Soil organic carbon (SOC) represents one of the major pools in the global carbon cycle. However, fluxes of CO2 from soils into the atmosphere by respiration or inversely sequestration of CO2 through photosynthesis and subsequent immobilisation in the form of humus are difficult to quantify. In principle changes in SOC stock over time reflect CO2 fluxes. The detection of these stock changes, however, require intensive sampling mainly due to the large spatial variability of SOC both within individual fields and larger units with similar soils and land use. The aim of this paper is to evaluate the potential of airborne-hyperspectral techniques using a CASI sensor and hand held Near Infrared Spectroscopy (NIRS) with an ASD spectrometer to conduct SOC inventories of individual parcels. During a field campaign in the Belgian Ardennes during Octobre 2003, more than 120 sites on a regular grid within 13 freshly ploughed fields were selected. At these sites, field spectra of the bare soil have been measured and samples from the topsoil were taken. SOC content (Walkley and Black), soil moisture and bulk density of these samples have been determined. As a first step, the soil reflectance has been transformed (log (1/R), Savitsky-Golay smoothing and derivative, gap derivative, moving average) in order to filter the spectral responses and to eliminate noise. Then, we used both stepwise and partial least square (PLS) regression analysis to relate these spectra to measured SOC contents. Regression models performed much better when the data were divided in two sub-groups representing different moisture conditions of the soil surface. These statistical model calibrations were validated on an independent data set. Standard Error of Prediction (SEP) ranged from 0.19 to 0.24 % carbon for the field spectra determined using the ASD depending on soil moisture of the surface layer. This is a little bit more than the reproducibility error inherent to the Walkley and Black analysis. Airborne CASI techniques performed less well mainly due to the narrow spectral range. Tests on airborne CASI+SASI hyperspectral data from a previous field campaign [1] showed better results. Overall, low bias allowed the use of spectral techniques to estimate population means with a high confidence level. The spectral techniques have a strong potential in determining changes in carbon tock change studies. The large within field variability of SOC content precludes the assessment, using conventional soil sampling, of SOC changes as a result of management (1 t C ha-1 yr-1) over a reasonable time period (5 years). Depending on the variance of the SOC content measured in the field ( 2 = 11-166 t C ha-1), we need 16-210 samples to detect a change. Since this number of samples is rarely available for individual fields, conventional sampling methods can only be used for larger spatial units containing many fields. In contrast, the airborne-hyperspectral technique and portable NIRS are able to supply these large amounts of data, and can thus improve the accuracy of SOC stock assessments of individual fields. This in turn will result in a smaller detection limit of SOC stock changes. [less ▲]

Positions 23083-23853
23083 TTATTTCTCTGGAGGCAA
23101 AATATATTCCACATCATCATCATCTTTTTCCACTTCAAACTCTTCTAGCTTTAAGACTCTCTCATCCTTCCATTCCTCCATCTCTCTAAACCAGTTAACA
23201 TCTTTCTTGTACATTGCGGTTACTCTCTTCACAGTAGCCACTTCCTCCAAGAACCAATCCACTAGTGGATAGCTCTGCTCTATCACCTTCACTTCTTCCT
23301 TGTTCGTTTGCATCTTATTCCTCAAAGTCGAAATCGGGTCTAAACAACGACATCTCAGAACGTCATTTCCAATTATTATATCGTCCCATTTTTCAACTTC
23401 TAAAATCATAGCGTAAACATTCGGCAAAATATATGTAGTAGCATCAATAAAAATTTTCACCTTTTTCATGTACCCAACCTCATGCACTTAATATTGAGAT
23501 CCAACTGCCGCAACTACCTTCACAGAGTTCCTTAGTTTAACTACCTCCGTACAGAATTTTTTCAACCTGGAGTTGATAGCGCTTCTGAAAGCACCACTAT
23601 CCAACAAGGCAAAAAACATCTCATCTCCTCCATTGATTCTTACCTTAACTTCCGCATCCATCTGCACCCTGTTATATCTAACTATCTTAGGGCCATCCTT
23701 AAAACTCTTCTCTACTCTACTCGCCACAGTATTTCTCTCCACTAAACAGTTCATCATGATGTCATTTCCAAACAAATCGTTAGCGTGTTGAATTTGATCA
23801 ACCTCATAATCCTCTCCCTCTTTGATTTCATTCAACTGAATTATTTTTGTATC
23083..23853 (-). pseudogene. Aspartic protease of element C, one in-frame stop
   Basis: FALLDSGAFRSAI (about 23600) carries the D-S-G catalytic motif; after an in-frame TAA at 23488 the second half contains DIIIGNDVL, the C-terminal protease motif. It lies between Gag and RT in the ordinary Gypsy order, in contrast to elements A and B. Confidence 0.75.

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See detailCan I improve postoperative outcome after abdominal surgery?
Lauwick, Séverine ULiege; Kaba, Abdourahmane ULiege; Joris, Jean ULiege

in Acta Anaesthesiologica Belgica (2007), 58(4), 253-4

Most of the textbooks of anesthesia do not devote any chapter to anesthesia for abdominal surgery. Whereas the choice of anesthetics has minimal impact on postoperative outcome of the patient scheduled ... [more ▼]

Most of the textbooks of anesthesia do not devote any chapter to anesthesia for abdominal surgery. Whereas the choice of anesthetics has minimal impact on postoperative outcome of the patient scheduled for these procedures global perioperative anesthetic management however affects postoperative recovery, convalescence, or even morbidity. This presentation highlights practical measures susceptible of reducing postoperative complications and of shortening patient convalescence. [less ▲]

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See detailCan laboratory tests help to define the profile of desensitised patients or patients at high risk of severe reaction ?
Gadisseur, Romy ULiege; Collard, Ludivine; Cataldo, Didier ULiege et al

in Allergy (2008), 63(Suppl. 88), 1773

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See detailCan Land Managers Control Japanese Knotweed? Lessons from Control Tests in Belgium
Delbart, Emmanuel; Mahy, Grégory ULiege; Weickmans, Bernard et al

in Environmental Management (2012), 50

Japanese knotweed Fallopia japonica is an extremely abundant invasive plant in Belgium and surrounding countries. To date, no eradication method is available for land managers facing the invasion of this ... [more ▼]